The Distrust of LBJ-Era Filmmaking
“I’m not saying we wouldn’t get our hair mussed,” Buck admits while cycling through facts and figures about casualty rates in the event of a Russian tactical strike. This line—and many others in Kubrick’s masterpiece—have been invoked in recent weeks in the context of a very different sort of international catastrophe and its dubiously motivated overseers; this currency speaks to the timelessness of Dr. Strangelove’s vision even as everything in it is rigorously specific to the mid-’60s: the wryly sacrilegious use of Vera Lynn’s World War II standard “We’ll Meet Again,” a song dedicated to British soldiers leaving their loved ones, to soundtrack a mushroom cloud; the Playboy magazines strewn in the cockpit of the B-52 bomber; the political power vacuum in which the lack of a Kennedy-esque stalwart prefigures mutually assured destruction. But if Kennedy is Dr. Strangelove’s structuring absence, Scott’s jowly, Southern-fried shtick as General Turgidson manifests a weirdly prescient riff on LBJ, who’d shortly be advocating his own callous calculus during the onset and development of the Vietnam War.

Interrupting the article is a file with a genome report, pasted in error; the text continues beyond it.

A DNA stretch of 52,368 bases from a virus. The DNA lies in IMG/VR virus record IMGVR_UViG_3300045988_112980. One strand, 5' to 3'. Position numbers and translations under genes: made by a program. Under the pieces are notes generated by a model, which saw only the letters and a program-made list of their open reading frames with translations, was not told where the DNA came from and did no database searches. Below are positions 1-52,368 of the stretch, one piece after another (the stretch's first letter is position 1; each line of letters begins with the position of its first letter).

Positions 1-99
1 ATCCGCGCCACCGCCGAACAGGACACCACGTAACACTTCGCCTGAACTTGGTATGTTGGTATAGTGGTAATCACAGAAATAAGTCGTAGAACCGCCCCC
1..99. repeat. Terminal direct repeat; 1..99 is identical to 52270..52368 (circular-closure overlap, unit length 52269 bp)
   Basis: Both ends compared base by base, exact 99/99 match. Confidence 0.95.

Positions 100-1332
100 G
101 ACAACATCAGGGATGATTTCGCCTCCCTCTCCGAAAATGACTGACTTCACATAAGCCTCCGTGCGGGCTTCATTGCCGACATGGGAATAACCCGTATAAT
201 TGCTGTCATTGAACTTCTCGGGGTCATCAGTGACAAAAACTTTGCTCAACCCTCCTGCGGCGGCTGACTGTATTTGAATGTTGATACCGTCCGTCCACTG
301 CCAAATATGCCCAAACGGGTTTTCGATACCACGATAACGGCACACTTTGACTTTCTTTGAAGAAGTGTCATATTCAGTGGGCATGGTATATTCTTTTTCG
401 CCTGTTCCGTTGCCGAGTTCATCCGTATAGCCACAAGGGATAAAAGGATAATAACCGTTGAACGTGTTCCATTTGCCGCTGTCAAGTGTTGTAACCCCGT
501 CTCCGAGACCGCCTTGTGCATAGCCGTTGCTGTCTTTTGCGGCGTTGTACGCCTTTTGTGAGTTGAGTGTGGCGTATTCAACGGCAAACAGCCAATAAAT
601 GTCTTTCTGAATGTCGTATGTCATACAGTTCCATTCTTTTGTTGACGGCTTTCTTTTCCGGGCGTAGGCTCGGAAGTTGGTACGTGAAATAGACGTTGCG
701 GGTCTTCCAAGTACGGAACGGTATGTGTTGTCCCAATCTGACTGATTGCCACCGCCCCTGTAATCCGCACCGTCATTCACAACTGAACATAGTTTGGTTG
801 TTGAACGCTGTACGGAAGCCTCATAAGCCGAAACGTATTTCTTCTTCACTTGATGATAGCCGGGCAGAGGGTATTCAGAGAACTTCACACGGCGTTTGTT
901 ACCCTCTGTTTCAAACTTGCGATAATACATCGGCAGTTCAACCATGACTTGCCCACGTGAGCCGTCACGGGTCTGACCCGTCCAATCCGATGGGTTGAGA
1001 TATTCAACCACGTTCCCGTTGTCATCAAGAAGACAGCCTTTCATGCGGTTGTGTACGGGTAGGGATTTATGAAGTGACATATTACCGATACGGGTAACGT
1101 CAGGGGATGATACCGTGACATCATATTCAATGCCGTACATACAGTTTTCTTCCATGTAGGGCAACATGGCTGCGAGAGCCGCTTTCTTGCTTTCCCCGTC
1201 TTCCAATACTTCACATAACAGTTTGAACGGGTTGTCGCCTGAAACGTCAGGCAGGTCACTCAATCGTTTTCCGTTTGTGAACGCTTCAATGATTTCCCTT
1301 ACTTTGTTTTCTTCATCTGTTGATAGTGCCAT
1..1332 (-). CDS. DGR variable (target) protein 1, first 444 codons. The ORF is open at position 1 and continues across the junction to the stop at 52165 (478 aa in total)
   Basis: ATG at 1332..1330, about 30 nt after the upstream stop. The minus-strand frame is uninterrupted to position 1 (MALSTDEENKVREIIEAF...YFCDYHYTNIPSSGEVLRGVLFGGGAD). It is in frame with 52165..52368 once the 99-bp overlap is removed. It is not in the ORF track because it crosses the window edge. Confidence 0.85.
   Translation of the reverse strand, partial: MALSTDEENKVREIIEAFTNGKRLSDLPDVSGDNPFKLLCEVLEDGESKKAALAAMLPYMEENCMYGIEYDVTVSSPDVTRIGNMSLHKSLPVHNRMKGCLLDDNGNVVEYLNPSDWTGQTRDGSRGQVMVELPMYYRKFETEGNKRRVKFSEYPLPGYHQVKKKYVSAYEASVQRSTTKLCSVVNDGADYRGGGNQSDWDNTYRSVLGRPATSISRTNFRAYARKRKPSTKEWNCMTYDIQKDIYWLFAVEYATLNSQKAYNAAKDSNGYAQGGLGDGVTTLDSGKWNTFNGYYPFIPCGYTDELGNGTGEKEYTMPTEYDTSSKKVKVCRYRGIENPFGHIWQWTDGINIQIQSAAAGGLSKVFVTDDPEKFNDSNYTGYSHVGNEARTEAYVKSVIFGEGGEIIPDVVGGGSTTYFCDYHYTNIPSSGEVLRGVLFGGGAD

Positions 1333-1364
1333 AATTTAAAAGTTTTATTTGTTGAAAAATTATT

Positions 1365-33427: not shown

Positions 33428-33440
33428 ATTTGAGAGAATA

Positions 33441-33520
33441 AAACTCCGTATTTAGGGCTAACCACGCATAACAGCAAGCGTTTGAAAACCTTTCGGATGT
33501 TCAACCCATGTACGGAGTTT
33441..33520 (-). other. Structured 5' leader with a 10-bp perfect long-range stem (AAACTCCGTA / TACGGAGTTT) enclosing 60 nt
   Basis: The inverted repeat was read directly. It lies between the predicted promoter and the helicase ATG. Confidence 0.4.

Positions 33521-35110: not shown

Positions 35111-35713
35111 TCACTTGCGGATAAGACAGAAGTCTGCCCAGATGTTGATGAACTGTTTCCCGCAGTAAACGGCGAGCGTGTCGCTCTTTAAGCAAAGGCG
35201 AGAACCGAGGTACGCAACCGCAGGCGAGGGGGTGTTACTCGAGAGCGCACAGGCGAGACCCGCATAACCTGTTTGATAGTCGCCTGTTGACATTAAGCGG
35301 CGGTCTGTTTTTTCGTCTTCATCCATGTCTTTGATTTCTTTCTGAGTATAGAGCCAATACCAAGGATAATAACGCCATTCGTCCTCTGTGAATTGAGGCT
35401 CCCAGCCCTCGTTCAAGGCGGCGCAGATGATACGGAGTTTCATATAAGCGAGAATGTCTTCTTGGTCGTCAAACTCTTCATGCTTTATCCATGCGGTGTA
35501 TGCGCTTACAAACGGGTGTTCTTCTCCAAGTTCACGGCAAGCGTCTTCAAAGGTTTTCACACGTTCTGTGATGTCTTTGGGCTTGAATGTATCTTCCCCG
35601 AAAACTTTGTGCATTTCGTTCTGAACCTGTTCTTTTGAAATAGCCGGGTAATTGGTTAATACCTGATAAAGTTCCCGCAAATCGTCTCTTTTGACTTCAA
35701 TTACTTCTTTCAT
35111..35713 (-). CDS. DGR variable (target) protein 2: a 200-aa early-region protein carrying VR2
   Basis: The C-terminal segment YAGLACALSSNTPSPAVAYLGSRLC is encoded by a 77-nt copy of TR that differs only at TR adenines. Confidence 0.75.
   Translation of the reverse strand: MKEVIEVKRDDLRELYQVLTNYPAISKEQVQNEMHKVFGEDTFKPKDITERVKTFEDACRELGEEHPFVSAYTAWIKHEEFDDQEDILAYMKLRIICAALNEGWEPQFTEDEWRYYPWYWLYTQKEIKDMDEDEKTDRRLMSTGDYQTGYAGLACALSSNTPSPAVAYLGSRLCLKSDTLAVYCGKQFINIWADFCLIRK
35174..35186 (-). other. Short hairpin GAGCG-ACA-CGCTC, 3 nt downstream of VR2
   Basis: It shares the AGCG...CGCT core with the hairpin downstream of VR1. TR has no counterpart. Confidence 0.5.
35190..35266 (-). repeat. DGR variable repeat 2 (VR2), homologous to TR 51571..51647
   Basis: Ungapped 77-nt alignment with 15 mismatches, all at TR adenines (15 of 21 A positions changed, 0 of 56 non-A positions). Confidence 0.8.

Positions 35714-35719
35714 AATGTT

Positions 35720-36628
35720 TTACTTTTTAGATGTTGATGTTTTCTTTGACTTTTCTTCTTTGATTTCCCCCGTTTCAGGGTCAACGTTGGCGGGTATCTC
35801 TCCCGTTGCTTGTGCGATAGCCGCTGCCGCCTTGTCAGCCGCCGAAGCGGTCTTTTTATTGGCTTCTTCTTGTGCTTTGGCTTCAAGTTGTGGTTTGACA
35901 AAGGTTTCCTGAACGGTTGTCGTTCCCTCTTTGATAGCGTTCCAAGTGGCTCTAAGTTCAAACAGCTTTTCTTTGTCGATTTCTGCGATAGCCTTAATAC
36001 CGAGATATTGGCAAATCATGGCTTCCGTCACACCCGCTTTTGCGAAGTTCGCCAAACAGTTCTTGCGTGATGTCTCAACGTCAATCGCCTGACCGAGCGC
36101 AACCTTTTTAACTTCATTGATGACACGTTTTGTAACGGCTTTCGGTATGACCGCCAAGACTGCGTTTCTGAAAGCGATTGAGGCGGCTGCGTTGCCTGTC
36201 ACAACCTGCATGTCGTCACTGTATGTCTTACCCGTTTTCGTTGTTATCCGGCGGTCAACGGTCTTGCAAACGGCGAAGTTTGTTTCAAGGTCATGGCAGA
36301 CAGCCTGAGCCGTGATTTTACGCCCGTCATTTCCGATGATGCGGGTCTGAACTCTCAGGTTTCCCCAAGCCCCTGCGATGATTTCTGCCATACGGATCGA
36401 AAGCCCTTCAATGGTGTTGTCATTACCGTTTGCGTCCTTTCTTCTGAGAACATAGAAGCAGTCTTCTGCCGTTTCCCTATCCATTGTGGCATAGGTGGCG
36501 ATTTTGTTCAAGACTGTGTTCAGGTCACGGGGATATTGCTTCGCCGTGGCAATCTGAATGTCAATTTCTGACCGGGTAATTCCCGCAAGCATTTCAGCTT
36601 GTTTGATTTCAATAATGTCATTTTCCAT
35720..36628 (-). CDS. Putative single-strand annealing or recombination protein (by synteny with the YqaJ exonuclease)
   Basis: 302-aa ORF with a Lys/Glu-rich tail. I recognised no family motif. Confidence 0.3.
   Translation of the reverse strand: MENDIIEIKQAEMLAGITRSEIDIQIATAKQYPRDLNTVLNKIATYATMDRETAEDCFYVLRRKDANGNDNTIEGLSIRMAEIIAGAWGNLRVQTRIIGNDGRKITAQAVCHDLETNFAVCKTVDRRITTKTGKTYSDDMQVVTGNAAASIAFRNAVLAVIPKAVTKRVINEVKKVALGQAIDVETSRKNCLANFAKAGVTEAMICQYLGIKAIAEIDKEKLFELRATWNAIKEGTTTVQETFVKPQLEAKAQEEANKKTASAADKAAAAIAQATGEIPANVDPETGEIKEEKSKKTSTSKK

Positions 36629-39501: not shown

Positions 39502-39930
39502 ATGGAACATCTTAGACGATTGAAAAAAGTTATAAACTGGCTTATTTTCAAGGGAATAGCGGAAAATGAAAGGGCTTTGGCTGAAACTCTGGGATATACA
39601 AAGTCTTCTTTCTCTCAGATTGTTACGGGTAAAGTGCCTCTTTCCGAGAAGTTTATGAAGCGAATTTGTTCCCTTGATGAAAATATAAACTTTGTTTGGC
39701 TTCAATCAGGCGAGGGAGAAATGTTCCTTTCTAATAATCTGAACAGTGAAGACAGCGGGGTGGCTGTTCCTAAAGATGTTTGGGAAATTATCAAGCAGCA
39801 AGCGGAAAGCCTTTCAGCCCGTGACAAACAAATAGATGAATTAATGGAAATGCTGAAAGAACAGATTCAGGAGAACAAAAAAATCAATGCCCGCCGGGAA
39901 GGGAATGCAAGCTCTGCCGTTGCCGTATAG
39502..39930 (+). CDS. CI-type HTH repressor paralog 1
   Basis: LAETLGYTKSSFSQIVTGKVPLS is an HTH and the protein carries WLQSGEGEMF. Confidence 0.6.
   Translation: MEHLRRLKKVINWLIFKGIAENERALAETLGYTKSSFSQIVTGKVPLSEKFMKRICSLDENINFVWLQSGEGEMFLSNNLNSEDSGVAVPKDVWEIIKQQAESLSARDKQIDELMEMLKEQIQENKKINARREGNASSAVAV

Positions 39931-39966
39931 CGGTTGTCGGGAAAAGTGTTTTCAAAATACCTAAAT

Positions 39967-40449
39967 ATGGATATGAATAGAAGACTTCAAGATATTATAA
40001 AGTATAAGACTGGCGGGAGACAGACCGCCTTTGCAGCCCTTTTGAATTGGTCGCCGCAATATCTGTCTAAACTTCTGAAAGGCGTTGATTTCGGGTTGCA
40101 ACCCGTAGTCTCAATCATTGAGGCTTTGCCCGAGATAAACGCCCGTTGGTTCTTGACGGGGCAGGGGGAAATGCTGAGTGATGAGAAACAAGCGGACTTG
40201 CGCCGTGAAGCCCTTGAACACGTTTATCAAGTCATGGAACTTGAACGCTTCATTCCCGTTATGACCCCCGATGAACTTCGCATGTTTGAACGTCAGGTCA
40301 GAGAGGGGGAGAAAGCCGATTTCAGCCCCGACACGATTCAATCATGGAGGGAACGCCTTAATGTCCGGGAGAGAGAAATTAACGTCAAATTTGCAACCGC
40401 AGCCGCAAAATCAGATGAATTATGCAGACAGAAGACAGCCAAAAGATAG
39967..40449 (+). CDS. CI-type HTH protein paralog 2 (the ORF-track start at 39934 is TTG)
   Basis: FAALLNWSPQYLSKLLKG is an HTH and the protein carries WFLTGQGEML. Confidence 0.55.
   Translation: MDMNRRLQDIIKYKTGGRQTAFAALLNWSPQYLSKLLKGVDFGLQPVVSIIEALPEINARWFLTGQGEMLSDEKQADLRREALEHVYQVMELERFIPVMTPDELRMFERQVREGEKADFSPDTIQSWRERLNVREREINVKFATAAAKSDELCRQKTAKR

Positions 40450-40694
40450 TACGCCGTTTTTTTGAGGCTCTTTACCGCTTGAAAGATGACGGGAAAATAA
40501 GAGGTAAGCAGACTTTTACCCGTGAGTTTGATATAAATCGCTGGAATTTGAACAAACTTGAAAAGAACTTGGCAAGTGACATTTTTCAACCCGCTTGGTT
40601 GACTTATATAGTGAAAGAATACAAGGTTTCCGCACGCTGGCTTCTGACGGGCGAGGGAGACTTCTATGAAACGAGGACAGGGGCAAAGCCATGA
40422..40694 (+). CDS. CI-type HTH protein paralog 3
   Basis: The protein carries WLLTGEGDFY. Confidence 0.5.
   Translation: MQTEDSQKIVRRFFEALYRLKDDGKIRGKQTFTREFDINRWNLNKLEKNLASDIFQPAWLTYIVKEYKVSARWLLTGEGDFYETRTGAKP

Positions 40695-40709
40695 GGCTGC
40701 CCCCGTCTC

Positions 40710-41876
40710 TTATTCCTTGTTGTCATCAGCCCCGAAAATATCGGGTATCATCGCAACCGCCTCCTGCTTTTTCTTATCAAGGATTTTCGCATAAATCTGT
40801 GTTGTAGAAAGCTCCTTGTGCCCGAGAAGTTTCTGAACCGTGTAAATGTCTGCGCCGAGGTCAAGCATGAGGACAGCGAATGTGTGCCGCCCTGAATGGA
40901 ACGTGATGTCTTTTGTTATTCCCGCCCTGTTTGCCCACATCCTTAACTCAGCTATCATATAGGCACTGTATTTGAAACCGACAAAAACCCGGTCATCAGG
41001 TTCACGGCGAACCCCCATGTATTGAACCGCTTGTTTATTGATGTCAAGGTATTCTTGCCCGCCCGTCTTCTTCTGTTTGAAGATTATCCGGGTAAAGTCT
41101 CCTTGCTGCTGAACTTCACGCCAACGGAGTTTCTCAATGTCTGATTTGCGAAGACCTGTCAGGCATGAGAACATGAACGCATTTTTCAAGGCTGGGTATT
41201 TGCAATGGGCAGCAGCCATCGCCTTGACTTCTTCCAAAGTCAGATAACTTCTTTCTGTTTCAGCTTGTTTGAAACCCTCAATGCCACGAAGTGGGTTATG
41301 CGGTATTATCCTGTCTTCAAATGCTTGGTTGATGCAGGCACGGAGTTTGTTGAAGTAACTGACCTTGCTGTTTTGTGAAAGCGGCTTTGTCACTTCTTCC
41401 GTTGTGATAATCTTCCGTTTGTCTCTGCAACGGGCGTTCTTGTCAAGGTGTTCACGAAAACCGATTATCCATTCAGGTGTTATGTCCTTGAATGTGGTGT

— ‘Cool Hand Luke,’ ‘Strangelove,’ and the Distrust of LBJ-Era Filmmaking, Adam Nayman in The Ringer